This talk will cover the basics of the Reactor pattern and introduce the core EventMachine APIs. An emphasis will be placed on the common stumbling blocks encountered by new EventMachine users, in an attempt to bridge the gap between traditional procedural ruby code and the asynchronous coding style provided by EM. Along the way, we will cover relevant topics such as non-blocking I/O and TCP streams, and develop and benchmark some simple network applications.

How HTTP Already Solved All Your Performance Problems 10 Years Ago

Paul Sadauskas – This talk will be examples of how developers can take advantage of the advanced features of HTTP to maximize the performance and scalability of a web application. Caching is usually pretty well understood for static assets, but there’s plenty of things that can be done for dynamic pages. Managing resources in a ReST-ful way can also enhance the effectiveness of a client’s browser and caching proxies, as well as allowing for future scalabity modifications with minimal impact to users.

Hubris: The Ruby/Haskell Bridge

James Britt – According to the project site, Hubris is “a bridge between Ruby and Haskell, between love and bondage, between slothful indolence and raw, blazing speed.” Hubris allows for calling Haskell code from your Ruby programs, and JIT’ing Haskell code in-lined with your Ruby. Now you can get the speed, type safety, and power of Haskell where you want it while still using Ruby elsewhere.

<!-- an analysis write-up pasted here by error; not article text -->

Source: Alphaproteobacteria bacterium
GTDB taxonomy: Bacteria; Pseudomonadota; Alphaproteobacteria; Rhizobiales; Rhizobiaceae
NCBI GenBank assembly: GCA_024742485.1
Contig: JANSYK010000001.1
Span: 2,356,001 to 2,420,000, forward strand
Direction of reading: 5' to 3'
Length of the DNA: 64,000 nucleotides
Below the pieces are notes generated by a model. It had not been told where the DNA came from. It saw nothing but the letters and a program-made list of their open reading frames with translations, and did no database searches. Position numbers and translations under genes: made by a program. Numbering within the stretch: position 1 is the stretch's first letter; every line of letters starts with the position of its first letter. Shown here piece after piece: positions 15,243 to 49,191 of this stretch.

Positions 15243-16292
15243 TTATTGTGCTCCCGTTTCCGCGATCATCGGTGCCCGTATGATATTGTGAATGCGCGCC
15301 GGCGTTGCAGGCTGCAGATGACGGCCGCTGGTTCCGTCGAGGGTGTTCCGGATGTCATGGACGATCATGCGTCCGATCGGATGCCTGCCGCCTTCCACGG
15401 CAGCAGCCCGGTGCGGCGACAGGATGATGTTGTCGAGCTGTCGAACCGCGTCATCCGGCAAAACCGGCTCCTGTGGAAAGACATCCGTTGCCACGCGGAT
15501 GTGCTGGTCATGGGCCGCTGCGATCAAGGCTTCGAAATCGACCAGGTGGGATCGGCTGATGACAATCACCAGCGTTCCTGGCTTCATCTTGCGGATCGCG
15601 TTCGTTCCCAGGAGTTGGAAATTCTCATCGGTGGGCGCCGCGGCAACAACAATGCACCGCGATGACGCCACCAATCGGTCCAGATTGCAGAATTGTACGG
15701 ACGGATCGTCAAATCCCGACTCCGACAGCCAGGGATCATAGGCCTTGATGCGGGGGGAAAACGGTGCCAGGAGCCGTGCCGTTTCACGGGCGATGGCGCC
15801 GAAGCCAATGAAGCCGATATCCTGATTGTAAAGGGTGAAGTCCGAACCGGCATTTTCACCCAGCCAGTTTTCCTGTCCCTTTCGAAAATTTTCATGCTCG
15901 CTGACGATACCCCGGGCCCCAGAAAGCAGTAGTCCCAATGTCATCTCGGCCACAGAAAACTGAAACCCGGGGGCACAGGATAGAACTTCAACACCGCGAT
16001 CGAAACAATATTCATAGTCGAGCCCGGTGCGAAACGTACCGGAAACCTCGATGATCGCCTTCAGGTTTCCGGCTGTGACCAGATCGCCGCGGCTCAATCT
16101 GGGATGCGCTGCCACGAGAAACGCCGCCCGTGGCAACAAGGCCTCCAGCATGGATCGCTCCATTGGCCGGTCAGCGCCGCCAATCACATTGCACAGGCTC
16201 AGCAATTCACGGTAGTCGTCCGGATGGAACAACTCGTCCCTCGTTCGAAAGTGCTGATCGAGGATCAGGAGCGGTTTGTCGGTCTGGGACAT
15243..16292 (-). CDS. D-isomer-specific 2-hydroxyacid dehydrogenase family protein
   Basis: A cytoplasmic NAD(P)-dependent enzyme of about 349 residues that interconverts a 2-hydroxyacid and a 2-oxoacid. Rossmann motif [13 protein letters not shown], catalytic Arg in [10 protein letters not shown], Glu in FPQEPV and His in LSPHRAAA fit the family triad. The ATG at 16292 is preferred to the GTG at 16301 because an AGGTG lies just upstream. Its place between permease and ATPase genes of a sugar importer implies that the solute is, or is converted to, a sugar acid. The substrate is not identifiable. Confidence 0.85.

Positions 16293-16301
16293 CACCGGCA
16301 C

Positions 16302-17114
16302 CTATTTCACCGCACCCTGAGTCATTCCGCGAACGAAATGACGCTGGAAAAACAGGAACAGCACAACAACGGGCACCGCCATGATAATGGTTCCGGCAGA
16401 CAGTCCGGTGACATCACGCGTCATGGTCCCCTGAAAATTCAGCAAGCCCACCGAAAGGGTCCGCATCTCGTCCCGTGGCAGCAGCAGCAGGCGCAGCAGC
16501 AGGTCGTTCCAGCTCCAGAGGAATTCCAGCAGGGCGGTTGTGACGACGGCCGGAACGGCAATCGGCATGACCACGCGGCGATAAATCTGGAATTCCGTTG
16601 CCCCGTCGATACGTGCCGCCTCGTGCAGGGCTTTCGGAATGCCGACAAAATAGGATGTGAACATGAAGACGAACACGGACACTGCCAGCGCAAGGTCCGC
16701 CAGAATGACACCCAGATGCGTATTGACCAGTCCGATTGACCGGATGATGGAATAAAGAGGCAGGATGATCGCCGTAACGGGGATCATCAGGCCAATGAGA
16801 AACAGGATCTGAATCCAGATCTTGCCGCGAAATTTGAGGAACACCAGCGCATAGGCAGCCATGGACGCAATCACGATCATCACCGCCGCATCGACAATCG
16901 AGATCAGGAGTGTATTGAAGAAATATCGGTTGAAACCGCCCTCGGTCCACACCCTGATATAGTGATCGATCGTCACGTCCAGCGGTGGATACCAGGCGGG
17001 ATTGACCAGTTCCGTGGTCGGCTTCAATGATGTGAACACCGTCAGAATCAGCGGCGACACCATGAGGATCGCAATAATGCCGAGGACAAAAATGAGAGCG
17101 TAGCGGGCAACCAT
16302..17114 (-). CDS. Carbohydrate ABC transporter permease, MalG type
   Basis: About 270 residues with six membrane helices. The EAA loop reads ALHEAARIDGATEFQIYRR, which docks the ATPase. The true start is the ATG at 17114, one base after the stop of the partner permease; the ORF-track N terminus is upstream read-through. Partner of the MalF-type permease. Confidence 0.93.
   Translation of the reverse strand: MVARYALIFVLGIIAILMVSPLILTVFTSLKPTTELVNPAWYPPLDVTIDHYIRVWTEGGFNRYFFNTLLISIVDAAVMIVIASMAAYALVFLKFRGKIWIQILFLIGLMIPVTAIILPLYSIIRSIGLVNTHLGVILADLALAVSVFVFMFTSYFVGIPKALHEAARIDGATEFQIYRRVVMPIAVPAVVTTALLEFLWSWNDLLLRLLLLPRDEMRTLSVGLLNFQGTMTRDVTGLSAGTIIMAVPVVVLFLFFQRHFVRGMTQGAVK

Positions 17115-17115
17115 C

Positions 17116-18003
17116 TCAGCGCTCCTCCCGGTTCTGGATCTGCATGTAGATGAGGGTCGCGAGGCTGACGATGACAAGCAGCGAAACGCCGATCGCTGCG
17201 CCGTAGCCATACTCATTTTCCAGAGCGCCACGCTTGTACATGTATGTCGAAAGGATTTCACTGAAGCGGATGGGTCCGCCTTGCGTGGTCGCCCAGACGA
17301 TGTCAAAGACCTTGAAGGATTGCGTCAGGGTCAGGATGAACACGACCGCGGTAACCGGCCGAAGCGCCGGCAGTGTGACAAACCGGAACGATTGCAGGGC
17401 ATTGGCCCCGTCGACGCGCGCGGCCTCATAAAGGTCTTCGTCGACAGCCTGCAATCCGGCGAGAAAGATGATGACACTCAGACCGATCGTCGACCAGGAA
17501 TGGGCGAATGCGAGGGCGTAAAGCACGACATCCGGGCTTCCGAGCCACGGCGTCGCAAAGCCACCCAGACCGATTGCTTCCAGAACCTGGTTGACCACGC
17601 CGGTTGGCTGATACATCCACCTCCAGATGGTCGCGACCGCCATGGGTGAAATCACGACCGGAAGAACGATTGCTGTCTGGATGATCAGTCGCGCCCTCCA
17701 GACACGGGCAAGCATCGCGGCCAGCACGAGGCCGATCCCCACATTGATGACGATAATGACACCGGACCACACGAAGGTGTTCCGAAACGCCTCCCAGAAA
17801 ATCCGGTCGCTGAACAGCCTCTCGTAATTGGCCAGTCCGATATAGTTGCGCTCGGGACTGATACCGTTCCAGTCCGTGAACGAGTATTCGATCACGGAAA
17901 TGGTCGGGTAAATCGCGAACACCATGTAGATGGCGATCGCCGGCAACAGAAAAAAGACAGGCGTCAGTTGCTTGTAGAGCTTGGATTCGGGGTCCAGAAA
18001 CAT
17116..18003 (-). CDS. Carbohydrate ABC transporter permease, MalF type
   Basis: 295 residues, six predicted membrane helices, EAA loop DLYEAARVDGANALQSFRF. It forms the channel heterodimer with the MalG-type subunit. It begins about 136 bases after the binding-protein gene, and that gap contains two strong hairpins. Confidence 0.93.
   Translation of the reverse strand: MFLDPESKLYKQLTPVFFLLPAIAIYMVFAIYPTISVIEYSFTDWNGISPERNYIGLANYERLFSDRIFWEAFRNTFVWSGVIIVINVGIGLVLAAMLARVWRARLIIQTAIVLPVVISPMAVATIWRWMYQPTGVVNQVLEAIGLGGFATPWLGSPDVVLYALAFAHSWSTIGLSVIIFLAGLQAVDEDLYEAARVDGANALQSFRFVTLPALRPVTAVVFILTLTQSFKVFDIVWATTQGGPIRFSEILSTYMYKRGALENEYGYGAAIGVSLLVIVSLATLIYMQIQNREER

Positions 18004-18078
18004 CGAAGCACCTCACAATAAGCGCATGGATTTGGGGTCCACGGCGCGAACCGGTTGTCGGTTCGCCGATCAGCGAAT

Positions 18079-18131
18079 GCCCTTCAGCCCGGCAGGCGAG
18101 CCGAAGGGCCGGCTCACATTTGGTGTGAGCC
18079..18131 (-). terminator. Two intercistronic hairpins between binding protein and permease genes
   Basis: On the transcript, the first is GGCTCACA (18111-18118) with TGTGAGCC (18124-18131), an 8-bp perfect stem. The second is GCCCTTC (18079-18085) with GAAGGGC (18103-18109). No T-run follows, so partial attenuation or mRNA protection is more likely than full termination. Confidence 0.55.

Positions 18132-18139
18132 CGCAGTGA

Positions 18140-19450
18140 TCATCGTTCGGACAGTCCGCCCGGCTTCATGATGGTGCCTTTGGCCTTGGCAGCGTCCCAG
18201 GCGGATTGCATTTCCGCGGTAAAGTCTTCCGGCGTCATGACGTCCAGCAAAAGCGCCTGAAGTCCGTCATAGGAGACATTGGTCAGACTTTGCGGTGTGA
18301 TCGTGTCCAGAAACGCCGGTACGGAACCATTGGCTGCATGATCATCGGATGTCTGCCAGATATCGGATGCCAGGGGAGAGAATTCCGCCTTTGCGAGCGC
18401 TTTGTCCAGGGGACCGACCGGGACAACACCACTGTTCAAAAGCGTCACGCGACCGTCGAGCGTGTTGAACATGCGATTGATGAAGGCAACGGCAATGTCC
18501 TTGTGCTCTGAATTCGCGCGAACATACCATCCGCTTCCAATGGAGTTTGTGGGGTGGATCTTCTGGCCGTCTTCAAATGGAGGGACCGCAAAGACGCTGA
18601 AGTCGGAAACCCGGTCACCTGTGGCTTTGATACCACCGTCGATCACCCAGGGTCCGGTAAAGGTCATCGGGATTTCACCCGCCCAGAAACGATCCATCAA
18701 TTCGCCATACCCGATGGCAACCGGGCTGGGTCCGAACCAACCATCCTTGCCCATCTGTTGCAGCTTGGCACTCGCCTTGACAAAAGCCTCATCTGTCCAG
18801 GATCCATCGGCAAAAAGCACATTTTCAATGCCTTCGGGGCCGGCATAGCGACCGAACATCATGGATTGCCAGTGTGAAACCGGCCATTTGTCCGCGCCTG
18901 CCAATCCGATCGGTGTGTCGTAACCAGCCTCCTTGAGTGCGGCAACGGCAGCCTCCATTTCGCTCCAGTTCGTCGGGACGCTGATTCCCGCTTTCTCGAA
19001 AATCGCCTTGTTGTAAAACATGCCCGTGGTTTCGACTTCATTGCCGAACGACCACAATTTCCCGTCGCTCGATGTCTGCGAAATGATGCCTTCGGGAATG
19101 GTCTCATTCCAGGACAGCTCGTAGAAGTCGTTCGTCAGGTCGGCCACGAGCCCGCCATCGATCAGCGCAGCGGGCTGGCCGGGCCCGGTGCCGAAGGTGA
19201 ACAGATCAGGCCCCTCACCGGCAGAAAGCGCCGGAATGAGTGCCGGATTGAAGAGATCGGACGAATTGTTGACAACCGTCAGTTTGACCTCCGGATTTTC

I was wrong about Ruport

Gregory Brown – Ruport (Ruby Reports) was my first major open source project. In many ways, it was a success, and is still actively used today. But with 20-20 hindsight, it’s easy to find anti-patterns in a large codebase that started in the summer of 2005. I’ve learned from my mistakes in design, implementation, and project management, and I think you can, too.

I’ve combed through Ruport’s history for a good number of failure points that I was personally responsible for. With these counterexamples in hand, we’ll be able to explore better practices that were born out of bad ideas.

Managing ruby projects with rvm

Wayne E. Seguinrvm is a command line tool which allows us to easily work with multiple ruby interpreters and sets of gems. Explore the use of rvm to manage a ruby project’s entire environment including interpreter, gems, testing, and other items.

Mobile Ruby

Sarah Allen – Sarah Allen will share her experience developing mobile applications using Ruby. She will give a brief overview of today’s mobile platforms and marketplace, then she will dive into coding a native smartphone app using the Rhodes framework from Rhomobile.

The Rhodes framework enables you to quickly building native smartphone apps for major smartphones including iPhone and Android. These apps use device capabilities such as camera, geolocation and contacts. The optional RhoSync server transparently synchronizes information to these apps allowsing users to have their information available even when disconnected.

MongoDB Rules

Kyle Banker – Many of us love the idea of a schema-free, document database. But when it comes to building an application, we may start to miss all those patterns familiar to us from relational databases. Here, I’ll present a dozen rules for working successfully with MongoDB. Including plenty of code examples, these rules will highlight the unique features of the database, among them atomic updates, map/reduce, and the notion of embedded documents. Having come away with a de-facto Elements of MongoDB Style (in Ruby), you’ll be prepared for many of the surprises and joys of building apps in MongoDB.